“Then we tell them I’m your cousin. I mean, there isn’t much resemblance between us. And people who don’t know us won’t be able to tell at all, so we could pull it off. We’ll just say I’m visiting for the weekend.” I shrugged and grabbed some money from the rainy day cookie jar, as it’s been for three years. I was about to walk out the door when I realized something. I was still in my pajamas. “Emma? Can I borrow something of yours until we get to the mall? Then I’ll pick something up, I just don’t want to go in my pajamas.”            

She nodded and ran upstairs. While she was gone, I looked around my house, as it was three years ago. My dad’s inventions cluttered the dining room table, all of them failures, my mother’s sewing left untouched on the sofa in the parlor. This was when Mom actually had time to do things other than travel to exotic countries and promote my father’s latest invention. I never saw her anymore.            

“Back!” Younger Emma called from the stairs. She threw me a sweatshirt. “Sweatshirts always go with pajama pants. Nice UGGS.” She said, pointing to my feet.              

I smiled. “Be back in a sec.”            

It took me two seconds to change. “Okay, let’s go to the mall.” I started to walk outside.            

“But, how are we getting there? We can’t drive.” Younger Emma pointed out.            

I pulled out my license from my pajama pocket. I had stuck it in their earlier to avoid having to take the bus now that I could drive. “I can.”            

“And what car are you going to drive?” She said, crossing her arms over her chest, and frowning at me.            

“Dad’s!” I said, and ran out to the garage. Sure enough, parked perfectly in the driveway was my dad’s silver mustang.

Younger Emma trailed behind me. “We’re gonna get in so much trouble.”            

“Correction: You’re going to get in so much trouble. I’m not really here, remember?” Her face turned a shade of white. “Oh don’t worry, nothing’s going to happen. Get in the car.”
Shakily, she obliged and I pulled out of the garage. At first we drove in silence, until Younger Emma opened her mouth to speak.            

“Do you have hovercrafts?” She asked, braiding her hair in a french braid in an attempt to control it.            

I laughed. “You would ask something like that. It’s only been three years! Did you watch black and white TV three years ago?”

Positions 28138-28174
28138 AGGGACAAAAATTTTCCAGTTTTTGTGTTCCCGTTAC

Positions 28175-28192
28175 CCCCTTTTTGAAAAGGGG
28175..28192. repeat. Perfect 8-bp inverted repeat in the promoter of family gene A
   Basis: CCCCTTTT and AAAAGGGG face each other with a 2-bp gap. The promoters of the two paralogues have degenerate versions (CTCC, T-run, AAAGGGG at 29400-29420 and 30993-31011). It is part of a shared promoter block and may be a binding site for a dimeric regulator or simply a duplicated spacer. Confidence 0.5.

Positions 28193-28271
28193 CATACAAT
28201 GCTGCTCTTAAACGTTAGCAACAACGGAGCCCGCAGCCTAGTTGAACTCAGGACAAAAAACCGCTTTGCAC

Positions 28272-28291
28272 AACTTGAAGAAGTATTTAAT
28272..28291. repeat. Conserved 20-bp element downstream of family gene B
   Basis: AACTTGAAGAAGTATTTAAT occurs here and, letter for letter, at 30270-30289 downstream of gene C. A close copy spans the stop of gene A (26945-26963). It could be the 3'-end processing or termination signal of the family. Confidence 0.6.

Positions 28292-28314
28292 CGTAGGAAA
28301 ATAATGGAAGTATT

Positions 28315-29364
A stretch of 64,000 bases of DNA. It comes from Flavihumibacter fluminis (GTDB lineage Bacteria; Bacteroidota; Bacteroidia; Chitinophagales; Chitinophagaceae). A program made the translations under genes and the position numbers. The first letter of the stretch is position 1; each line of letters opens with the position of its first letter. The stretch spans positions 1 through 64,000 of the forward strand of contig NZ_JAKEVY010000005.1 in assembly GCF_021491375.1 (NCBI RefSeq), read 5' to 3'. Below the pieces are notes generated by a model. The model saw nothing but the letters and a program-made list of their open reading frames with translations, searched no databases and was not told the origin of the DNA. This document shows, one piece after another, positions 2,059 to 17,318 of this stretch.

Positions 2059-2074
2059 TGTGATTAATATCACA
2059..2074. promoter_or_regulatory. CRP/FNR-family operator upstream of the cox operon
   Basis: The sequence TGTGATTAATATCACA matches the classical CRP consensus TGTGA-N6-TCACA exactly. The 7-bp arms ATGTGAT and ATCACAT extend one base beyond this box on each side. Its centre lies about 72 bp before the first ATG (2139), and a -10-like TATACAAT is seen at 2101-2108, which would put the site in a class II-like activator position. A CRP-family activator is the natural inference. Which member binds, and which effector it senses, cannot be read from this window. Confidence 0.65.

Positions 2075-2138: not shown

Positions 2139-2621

She processed that. “What about that boy down the street?” She paused. “What happens to him?”            

I racked my brain to remember. A boy... down the street... Then it hit me. Tristan Cullingham. He had been riding his bike while I was on the porch, and he waved to me. Then, in a blink of light, he was hit by an oncoming car, the woman had been texting someone, not paying any attention to a young biker. I had freaked out and ran inside to call 911. It had been May 23, 2010 . Only three days ago for her.            

I gulped. “Well, they took him to the hospital, and they took the woman too. Tristan was in a coma for a few months, and the woman was released in about two weeks, barely any bone fractures. Then one day, Tristan’s heart stopped. They couldn’t save him. He died.” I paused and watched Younger Emma’s eyes water.            

“It was all my fault.” She cried into her sweatshirt. “I waved to him. I distracted him. He was so smart, so much potential. Ruined.”            

I looked sympathetically at her, then quickly focused my gaze back on the road. “He’s still alive now.” I said, trying to be optimistic.“But not really alive. He’s not enjoying himself. He’s not going to school. He’s not hanging out with friends. He’s practically dead.” She sobbed. “Emma,” I said, pulling into the mall parking lot. Her sobs grew louder. “Hey, we can go visit him today, how does that sound?” She nodded and wiped her eyes. “Until then, let’s go and meet Cassie. Time to do some damage!”            

Younger Emma smiled at me. “Okay.” She said, sniffling, and then grabbing my hand as we walked into the doors of the mall. Together.